"The Three Burials of Melquiades Estrada": A quiet, haunting Western
Seattle Times movie critic
Guillermo Arriaga's screenplays are like puzzles with the pieces meticulously rationed; different bits and particles seem to float in the air, seemingly unattached, taking their own time. Like "Amores Perros" and "21 Grams," "The Three Burials of Melquiades Estrada" unfurls at its own pace. By its final scenes, when one character movingly calls another "son" (with a perfectly timed pause just before the word), the puzzle is complete; stark but beautiful.
Directed by and starring Tommy Lee Jones, "Three Burials" has a deceptively laconic quality that suits Jones' persona. It's a quiet Western, taking place near the West Texas/Mexico border. Jones plays Pete Perkins, a ranch hand whose close friend Melquiades Estrada (Julio Cesar Cedillo, who plays the role in flashbacks), an illegal immigrant, is found murdered. Pete, fulfilling a promise to his friend, embarks on a journey to return Melquiades' body to his Mexican hometown — with the border patrolman who shot him (Barry Pepper) in tow.
Jones and Arriaga were inspired by a 1997 news story of a Mexican immigrant shot and killed in West Texas by a Marine. They begin the film with a jumble of time-shifting scenes and images, from which a story gradually begins to take shape. The patrolman, Mike, has just arrived in town with his blank-eyed wife, Lou Ann (January Jones). Mike, skeletally thin and tightly strung, has a frightening lawlessness to him; he's angry, but we don't know at what. Lou Ann, seeming very young and very lost, doesn't understand why their lives have become so airless and lonely. "We were both real popular in high school," she says wistfully, her voice a thin little bleat.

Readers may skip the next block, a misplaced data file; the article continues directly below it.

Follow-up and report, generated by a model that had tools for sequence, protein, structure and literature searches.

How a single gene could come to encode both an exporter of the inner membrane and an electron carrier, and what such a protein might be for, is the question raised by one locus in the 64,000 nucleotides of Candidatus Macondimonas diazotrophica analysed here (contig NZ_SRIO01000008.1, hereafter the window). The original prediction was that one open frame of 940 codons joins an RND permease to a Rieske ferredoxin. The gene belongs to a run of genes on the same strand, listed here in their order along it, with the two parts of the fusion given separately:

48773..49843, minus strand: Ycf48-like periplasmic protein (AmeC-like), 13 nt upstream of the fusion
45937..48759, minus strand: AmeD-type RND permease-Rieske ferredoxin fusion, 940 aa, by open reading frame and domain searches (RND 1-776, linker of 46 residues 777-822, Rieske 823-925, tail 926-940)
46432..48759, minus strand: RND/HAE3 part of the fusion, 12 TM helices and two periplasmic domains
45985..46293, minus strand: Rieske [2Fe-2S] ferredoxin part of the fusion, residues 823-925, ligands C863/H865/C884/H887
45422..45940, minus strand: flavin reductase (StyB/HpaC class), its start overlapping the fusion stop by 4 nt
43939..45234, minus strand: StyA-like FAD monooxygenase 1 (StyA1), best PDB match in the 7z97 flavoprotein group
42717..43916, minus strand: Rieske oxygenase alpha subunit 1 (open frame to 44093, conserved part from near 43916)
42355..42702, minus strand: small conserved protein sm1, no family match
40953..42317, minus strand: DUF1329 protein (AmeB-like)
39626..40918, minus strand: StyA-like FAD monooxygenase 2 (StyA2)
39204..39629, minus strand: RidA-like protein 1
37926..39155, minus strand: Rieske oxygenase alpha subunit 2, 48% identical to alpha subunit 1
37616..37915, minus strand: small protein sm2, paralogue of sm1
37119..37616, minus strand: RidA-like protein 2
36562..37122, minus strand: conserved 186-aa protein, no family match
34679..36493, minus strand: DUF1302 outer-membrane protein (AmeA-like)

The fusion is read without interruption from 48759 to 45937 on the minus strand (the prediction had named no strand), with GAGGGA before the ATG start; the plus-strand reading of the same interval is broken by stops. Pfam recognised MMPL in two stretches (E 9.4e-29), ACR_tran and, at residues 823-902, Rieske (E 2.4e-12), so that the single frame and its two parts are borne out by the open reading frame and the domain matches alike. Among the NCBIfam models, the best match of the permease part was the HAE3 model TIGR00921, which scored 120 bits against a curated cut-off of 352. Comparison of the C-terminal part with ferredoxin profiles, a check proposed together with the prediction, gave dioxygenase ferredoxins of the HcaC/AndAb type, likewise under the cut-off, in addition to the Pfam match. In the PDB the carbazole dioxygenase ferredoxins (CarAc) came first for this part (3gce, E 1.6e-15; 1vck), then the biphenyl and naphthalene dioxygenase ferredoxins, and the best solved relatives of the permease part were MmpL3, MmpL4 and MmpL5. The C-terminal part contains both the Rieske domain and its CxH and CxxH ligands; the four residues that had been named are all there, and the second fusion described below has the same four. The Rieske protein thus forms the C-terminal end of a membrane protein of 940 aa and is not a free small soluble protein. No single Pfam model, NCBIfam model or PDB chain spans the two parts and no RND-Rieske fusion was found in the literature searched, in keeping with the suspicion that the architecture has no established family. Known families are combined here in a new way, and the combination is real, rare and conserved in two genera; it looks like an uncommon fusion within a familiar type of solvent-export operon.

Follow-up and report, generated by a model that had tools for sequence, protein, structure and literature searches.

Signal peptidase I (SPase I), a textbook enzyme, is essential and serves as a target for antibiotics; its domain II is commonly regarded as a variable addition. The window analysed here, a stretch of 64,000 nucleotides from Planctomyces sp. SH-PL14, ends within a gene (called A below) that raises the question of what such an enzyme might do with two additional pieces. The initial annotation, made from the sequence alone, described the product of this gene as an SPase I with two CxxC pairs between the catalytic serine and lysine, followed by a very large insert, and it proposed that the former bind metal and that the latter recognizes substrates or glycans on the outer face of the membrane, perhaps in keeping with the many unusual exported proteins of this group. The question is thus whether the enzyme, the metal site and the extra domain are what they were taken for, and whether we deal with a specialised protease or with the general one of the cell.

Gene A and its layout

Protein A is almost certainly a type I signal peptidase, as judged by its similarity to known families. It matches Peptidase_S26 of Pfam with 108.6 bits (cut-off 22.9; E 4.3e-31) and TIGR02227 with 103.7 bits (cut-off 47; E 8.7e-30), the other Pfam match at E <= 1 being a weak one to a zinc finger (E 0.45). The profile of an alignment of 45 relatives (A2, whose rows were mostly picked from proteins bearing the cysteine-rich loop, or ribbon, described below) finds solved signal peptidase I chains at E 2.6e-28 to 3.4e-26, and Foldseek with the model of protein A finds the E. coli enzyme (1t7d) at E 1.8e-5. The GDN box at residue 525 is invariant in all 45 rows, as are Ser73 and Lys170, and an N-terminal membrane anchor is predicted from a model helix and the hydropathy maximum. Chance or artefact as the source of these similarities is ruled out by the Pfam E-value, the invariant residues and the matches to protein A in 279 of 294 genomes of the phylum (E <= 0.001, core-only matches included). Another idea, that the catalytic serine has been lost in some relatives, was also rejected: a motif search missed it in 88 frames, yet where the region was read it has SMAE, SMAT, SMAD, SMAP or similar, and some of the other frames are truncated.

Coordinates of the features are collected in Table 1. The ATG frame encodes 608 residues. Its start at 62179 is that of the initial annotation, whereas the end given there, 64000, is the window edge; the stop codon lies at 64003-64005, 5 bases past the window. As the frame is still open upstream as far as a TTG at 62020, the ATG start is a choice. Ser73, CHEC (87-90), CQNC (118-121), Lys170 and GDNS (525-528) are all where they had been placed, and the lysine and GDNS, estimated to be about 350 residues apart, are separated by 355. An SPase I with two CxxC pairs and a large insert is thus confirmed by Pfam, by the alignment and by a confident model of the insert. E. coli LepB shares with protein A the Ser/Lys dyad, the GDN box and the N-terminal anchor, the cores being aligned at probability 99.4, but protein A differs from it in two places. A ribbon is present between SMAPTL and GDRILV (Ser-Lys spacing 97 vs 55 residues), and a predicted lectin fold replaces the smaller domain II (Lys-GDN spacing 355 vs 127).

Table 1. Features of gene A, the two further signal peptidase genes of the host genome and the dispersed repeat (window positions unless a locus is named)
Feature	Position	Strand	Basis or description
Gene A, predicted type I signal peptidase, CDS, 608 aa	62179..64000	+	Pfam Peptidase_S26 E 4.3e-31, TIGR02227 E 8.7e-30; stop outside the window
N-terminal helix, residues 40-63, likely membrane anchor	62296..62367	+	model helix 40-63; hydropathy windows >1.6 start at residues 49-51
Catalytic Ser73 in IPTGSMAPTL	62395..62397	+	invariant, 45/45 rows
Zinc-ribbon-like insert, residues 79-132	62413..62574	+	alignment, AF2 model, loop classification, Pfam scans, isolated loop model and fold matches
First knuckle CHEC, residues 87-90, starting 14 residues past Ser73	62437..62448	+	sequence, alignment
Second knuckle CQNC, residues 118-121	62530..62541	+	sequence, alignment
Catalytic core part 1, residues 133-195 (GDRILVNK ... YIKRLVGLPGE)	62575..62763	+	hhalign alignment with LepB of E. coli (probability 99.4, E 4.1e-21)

The death of Melquiades was an accident, but one that stemmed from Mike's demons, and Pete tracks him down despite a cover-up by the town's sheriff (Dwight Yoakam). And the journey begins, with Melquiades' corpse flopped over in a saddle. It's a journey that changes both Pete, who grows closer to his dead friend even as he learns his secrets, and Mike, a shadow of a man who finally begins to lose a bit of the wildness in his eyes.
Throughout the film, fine actors contribute texture through character turns: Melissa Leo as a seen-it-all waitress who uses sex to alleviate boredom; Richard Jones as her husband, a diner cook, who's learned to look at her without seeing; Levon Helm as a blind man encountered on the journey, who pleads with Pete and Mike to help him by ending his life. "You're good men," he says hopefully, his eyes painfully slitted shut; it's almost a prophecy. Mike is not yet a good man, but perhaps he may yet become one.
Ultimately, "Three Burials" is about friendship and forgiveness; about finding redemption through a journey to a new world. And it's about the emergence of a new directing talent: Jones, in his first feature, finds the right note in every scene, bringing Arriaga's elegant cipher to life. As the characters find a new home, perhaps Jones has found one, too — on the other end of the camera.
Moira Macdonald: 206-464-2725 or firstname.lastname@example.org
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